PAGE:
MEASUREMENT AND PREDICTION OF ERRORS FOR A THREE AXIS MACHINE TOOL THROUGH METROLOGY FEEDBACK
Muhammad Hassan Yaqoob
Industrial Engineering, MSc. Thesis, 2017
Prof. Dr. Erhan Budak (Thesis Supervisor)
Assoc. Prof. Dr. Bahattin Koç
Assoc. Prof. Dr. Umut Karagüzel
Date & Time: 28th, July, 2017 – 10:00 AM
Place: FASS G022
Keywords : Error identification, workpiece measurement, metrology feedback, thermal error measurement, dynamic error measurement
The evolution of machine tools, driven by ever growing requirement for high precision machining, has warranted the importance of understanding and compensation of errors in machine tools. There are a considerable number of research studies dealing with the modelling, measurement and compensation of errors. Machined workpiece geometry provides an opportunity for determination of errors generated during machining process. However, examination of the current literature reveals that the overall progress, in error determination through workpiece measurements, is limited to reporting of mainly positional errors.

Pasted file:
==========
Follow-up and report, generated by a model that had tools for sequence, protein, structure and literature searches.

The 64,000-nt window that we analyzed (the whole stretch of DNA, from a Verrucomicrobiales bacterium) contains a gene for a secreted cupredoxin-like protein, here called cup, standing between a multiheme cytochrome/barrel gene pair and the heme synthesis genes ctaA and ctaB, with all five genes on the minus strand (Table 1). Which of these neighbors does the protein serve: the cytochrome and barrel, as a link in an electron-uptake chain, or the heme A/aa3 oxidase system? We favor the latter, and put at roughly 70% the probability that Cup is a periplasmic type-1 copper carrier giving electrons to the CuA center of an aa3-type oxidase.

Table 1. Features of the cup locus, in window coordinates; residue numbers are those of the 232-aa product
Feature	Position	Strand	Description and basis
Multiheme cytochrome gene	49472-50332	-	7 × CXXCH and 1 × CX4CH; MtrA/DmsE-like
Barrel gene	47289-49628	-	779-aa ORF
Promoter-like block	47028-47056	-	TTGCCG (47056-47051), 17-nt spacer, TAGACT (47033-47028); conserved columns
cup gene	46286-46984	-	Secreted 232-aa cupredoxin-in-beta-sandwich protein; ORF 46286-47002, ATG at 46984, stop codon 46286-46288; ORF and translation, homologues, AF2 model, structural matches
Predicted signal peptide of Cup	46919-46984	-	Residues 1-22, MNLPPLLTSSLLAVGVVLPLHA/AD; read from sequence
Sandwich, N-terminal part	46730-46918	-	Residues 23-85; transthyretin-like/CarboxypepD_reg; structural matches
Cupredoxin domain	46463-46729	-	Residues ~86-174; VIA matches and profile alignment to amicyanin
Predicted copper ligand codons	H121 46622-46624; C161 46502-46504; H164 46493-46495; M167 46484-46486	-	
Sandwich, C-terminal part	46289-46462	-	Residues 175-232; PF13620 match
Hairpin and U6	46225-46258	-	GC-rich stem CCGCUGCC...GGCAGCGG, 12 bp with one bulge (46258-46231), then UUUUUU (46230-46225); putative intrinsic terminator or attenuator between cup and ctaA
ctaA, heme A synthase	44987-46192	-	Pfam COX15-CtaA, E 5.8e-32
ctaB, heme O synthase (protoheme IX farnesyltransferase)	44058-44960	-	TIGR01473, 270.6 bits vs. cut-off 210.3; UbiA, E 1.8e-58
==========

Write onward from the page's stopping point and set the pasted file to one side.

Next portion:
There is need for development of a comprehensive methodology that can help determine not only the mechanical errors but also the errors being generated due to process parameters, geometry of workpiece and changes in thermal state of the machine tool. Such a methodology would not only provide comprehensive error magnitude in real-time scenario but would also provide the decision makers with the ability to decide whether to compensate the errors on workpiece or to carry out corrective measures on a machine tool. The current research seeks to develop such a methodology for error measurement and prediction in a Three Axis machining center. A combination of Machining under different conditions followed by subsequent on-machine probing and measurements on a coordinate measuring machine (CMM) are used to obtain error database with appreciation for process, thermal, control and mechanical errors. The proposed methodology is generic with respect to the shape and size of the workpiece, tool geometry and machine tool of similar configuration. The results include a prediction model that enables the user with the ability of pre-machining assessment of expected errors and final geometrical dimensions of a workpiece. This in turns reduces the quality costs, improves decision making meanwhile the simplicity of experimentation essentially offers a low-cost shop-floor friendly solution.